This then, is a special moment for the team and the project. We have brought together individual scholarship on Grosseteste into a creative dynamic focused on his scientific works. The project’s radically interdisciplinary ethos fuels its emphasis on learning without frontiers, from youth to experience, and from the university classroom to city-streets with projection art, galleries, schools, shopping centres, festivals, public talks in conference centres, cathedrals, societies, and pubs. There are so many people and institutions involved, and so many to thank for their generosity of funding, time, expertise, and insight. Now in its eleventh year, and fifth of major funding from the Arts and Humanities Research Council, Ordered Universe has developed a distinctive modus operandi, and a distinctive reach into sciences, humanities, and wider communities of learning and interest. As Grosseteste might note scale is not the key here, but intensity: all contributions, no matter how seemingly small, are vital to the outworking of what we do. And this volume, in this sense, represents so much more than the nineteen authors; and proudly so.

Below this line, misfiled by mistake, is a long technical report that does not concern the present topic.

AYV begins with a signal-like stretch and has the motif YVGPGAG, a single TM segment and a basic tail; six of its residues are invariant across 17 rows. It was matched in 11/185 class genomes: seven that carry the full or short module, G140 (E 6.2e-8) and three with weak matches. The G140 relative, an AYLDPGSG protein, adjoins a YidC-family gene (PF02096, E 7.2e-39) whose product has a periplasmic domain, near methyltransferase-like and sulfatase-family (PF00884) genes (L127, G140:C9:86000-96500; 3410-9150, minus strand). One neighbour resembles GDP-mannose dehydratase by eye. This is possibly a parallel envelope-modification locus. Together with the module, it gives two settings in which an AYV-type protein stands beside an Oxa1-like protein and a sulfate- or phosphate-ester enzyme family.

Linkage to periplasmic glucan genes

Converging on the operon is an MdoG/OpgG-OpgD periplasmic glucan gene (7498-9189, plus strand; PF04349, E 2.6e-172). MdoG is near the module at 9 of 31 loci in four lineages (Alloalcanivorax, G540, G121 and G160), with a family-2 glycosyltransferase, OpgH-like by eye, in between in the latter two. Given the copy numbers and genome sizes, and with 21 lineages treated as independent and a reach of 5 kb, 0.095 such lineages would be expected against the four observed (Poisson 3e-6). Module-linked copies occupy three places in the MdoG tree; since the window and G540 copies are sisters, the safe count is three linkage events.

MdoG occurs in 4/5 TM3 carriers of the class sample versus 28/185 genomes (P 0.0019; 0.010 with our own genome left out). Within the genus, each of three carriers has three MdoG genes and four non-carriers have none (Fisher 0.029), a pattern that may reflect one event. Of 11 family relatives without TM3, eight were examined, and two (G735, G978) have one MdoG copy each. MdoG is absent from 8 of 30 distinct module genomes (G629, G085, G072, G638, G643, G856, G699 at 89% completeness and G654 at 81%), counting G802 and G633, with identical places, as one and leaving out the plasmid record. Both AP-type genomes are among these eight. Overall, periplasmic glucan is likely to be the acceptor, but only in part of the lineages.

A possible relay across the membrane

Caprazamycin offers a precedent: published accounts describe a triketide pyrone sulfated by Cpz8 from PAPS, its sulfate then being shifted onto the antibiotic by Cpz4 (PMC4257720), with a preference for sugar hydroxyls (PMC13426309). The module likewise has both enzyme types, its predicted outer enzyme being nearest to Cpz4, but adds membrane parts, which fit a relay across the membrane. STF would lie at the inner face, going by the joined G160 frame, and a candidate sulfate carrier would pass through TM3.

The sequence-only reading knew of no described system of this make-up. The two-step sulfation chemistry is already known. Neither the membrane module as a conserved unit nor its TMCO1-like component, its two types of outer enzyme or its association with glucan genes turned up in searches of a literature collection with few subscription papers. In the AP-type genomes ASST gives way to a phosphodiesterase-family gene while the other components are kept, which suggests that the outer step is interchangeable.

This afternoon we are very fortunate to be able to hold a reception for the first official launch of Knowing and Speaking at Pembroke College, University of Oxford, a few hundred metres or so from where Grosseteste would have taught in the early 1230s at the house of the Franciscans, Greyfriars. We are extremely grateful to the college for facilitating this gathering, especially the Master Dame Lynne Brindley. There will be further book launches and discussion of the volume and its implications will take place in January 2020 at the University of York, and March 2020 at Durham University.
News that this year’s Bishop Grosseteste Lecture, at Bishop Grosseteste University, will be delivered by Bishop David Thomson, a long-serving Ordered Universe member. David Continue reading
Our new publication from the Journal of the Acoustical Society of America, ‘A thirteenth-century theory of speech‘, introduced by its principal author, Joshua Harvey…